A Look Inside Lufthansa’s First Airbus A350-900
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Lufthansa is the latest airline to take delivery of one of the newest wide-body aircraft, the Airbus A350 XWB. I recently got the chance to join Airbus and Lufthansa at the aircraft’s delivery ceremony at the Lufthansa Technik Hangar in Munich.
After hearing some speeches from Carsten Spohr (CEO of the Lufthansa Group), Dr. Markus Söder (the Bavarian Finance Minister), Dr. Michael Kerkloh (the CEO of Munich Airport) and Thomas Enders (the CEO of Airbus), we were invited to take a tour of the Lufthansa’s first A350 XWB.
What’s great about the carrier’s new aircraft is that it improves comfort for all its long-haul passengers, no matter which class they’re flying in. This is mainly because of the extra-wide cabin cross-section — exactly why it’s called the XWB.
With the Airbus A350-900, we introduce a new milestone in our fleet strategy as its entry into service marks a generational change on long-haul routes.Lufthansa CEO Carsten Spohr
The new A350 has some features that are already onboard other aircraft, such as the A380, so they’ll look familiar to travelers who are used to flying LH long-haul, but the new plane still has some tricks — like new economy seats, a new onboard entertainment system and a ‘self-service bar’ — up its sleeve.
There are two business-class cabin sections on this aircraft, each with a 2-2-2 configuration — there’s still no direct aisle access for Lufthansa passengers. This is such a shame, as a new aircraft delivery would have been the perfect opportunity for the airline to introduce a product that offered direct-aisle access. This is the same seat you’ll find on Lufthansa’s other wide-body planes, such as the A380 and 747-8 — it reclines into a horizontal sleeping surface measuring 78 inches (1.98 meters) in length.
Illuminated handrails underneath the overhead compartments are a nice touch, an enhancement that’s becoming more common on A350 aircraft.
The ‘Self-Service Bar’
In the build up to the A350 delivery for Lufthansa, the airline promoted its new ‘self-service bar’ that would be stocked with snacks and drinks.
While this is a nice enhancement to the business-class cabin, I wish Lufthansa hadn’t branded the offering as a ‘bar’ — the carrier would have been better off not mentioning the enhancement at all, rather than build up expectations of having a full bar only to find that it’s really a drop-down table near the galley that offers some snacks during the flight.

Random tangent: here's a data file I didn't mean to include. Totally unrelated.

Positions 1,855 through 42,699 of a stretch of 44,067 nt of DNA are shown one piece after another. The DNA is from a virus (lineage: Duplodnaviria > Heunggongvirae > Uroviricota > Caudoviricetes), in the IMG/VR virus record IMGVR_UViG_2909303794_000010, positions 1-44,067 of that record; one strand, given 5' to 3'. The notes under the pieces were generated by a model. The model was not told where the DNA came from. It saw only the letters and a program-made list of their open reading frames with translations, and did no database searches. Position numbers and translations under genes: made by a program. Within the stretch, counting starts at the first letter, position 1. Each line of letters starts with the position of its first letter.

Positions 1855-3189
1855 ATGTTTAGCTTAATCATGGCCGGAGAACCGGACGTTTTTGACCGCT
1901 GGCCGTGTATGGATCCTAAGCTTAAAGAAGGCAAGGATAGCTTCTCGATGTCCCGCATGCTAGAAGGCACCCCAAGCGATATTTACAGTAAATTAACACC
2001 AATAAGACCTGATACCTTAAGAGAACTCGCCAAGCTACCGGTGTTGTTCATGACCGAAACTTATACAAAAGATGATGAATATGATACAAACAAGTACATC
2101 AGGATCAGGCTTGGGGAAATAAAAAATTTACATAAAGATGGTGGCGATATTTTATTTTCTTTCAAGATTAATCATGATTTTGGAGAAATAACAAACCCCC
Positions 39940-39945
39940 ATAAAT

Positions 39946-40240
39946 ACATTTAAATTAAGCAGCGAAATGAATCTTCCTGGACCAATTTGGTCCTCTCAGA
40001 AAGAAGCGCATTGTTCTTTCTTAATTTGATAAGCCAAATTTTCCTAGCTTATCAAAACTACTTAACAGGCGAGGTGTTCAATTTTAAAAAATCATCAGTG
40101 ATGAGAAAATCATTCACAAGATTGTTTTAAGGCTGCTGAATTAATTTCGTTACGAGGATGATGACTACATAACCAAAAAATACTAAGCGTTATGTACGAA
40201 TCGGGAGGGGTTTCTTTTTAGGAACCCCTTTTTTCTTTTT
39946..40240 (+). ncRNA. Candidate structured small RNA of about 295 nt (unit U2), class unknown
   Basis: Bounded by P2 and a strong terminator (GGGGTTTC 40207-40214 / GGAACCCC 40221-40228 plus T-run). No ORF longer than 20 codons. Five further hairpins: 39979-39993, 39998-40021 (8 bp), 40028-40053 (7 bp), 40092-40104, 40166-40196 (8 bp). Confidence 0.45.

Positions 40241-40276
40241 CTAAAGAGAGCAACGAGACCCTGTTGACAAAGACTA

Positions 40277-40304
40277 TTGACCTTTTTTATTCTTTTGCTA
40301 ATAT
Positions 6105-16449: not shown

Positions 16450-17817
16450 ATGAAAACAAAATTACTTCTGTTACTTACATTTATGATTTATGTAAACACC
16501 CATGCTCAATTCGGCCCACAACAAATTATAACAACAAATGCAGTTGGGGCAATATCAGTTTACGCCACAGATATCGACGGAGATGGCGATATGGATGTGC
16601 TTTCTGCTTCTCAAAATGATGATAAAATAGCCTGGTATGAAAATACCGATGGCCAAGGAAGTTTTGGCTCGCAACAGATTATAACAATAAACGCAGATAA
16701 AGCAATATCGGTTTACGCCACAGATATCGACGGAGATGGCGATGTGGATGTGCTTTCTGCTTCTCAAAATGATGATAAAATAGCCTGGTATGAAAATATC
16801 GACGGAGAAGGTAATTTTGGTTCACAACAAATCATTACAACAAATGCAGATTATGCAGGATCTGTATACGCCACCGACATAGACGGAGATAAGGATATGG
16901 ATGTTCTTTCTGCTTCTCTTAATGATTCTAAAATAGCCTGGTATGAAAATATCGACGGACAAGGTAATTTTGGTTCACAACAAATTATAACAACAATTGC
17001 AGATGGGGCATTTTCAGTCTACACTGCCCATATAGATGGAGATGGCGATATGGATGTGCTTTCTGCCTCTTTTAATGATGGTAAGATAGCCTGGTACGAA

The ‘self service bar’ is located between the first business-class cabin and the second, smaller business-class cabin, and can only be set up once the seatbelt sign is off, providing there’s no turbulence. It’s a little different from the Emirates onboard bar, that’s for sure!
Lufthansa’s premium economy seats are popular, as they are up to an inch wider with approximately four more inches of room on the sides thanks to each seat having its own wide armrest and a center console between the seats. The back rest can be reclined further and the seat pitch is a significantly more spacious 38 inches. There are only three rows of premium economy class on the A350, arranged in a 2-3-2 configuration, and the seats offer around one-and-a-half times as much room as the ones in regular economy.
Headrests can be set to the exact height desired and folded at the sides, while height-adjustable footrests (from the second row back) consist of leg supports with an integrated footrest to provide extra comfort.
As in business class, there are practical features around the seats, such as a bottle holder, electrical sockets and some storage space.
The A350-900 also offers more comfortable seating for passengers in regular economy due to the wider cabin, which is arranged in a 3-3-3 configuration. On Lufthansa’s A350, the seats have been redesigned to maximize space.
The economy seats are made up of various shades of blue, which becomes lighter toward the center of the cabin. It’s certainly a clever trick of the eye, to have the cabin appear more spacious. Each seat offers 31 inches of pitch.
Lufthansa frequent flyers will welcome the new seats, as they felt more comfortable than the existing ones and are a bit more attractive, too. Savvy travelers should pre-book seats like 28A, pictured below, which has no seat in front of it due to the emergency exit, offering a huge amount of extra legroom.
An interesting new addition to the aircraft is the refreshed inflight entertainment system, which now allows passengers to pre-select content from home as early as six weeks in advance. Once passengers have downloaded the “Lufthansa Companion App” onto their own tablet or mobile phone, they can synchronize their the selections with their individual IFE screen.
It’s great news for passengers that Lufthansa will now be flying the A350 XWB aircraft. Personally, I think it’s the best long-haul aircraft besides the A380 in terms of passenger comfort throughout all its classes. Fresh air is circulated through the cabin every 2-3 mins, while LED mood lighting and an extra-wide footprint means that as a passenger, I find I feel more refreshed and less jet lagged after flying on an A350. Despite Lufthansa not introducing a game-changing new product to enhance what the A350 has to offer, it’s a very nice cabin with comfort in mind throughout all of three of its onboard classes.
For more on the Airbus A350, see:
- Review: Singapore Airlines (A350-900) Business Class from SFO to Singapore
- Behind the Scenes at Airbus’ Singapore A350 Delivery Ceremony
- Touring the 10,000th Airbus Plane (Singapore Airlines’ A350-900)
Are you excited to fly on Lufthansa’s first A350 XWB?
All photos courtesy of the author.
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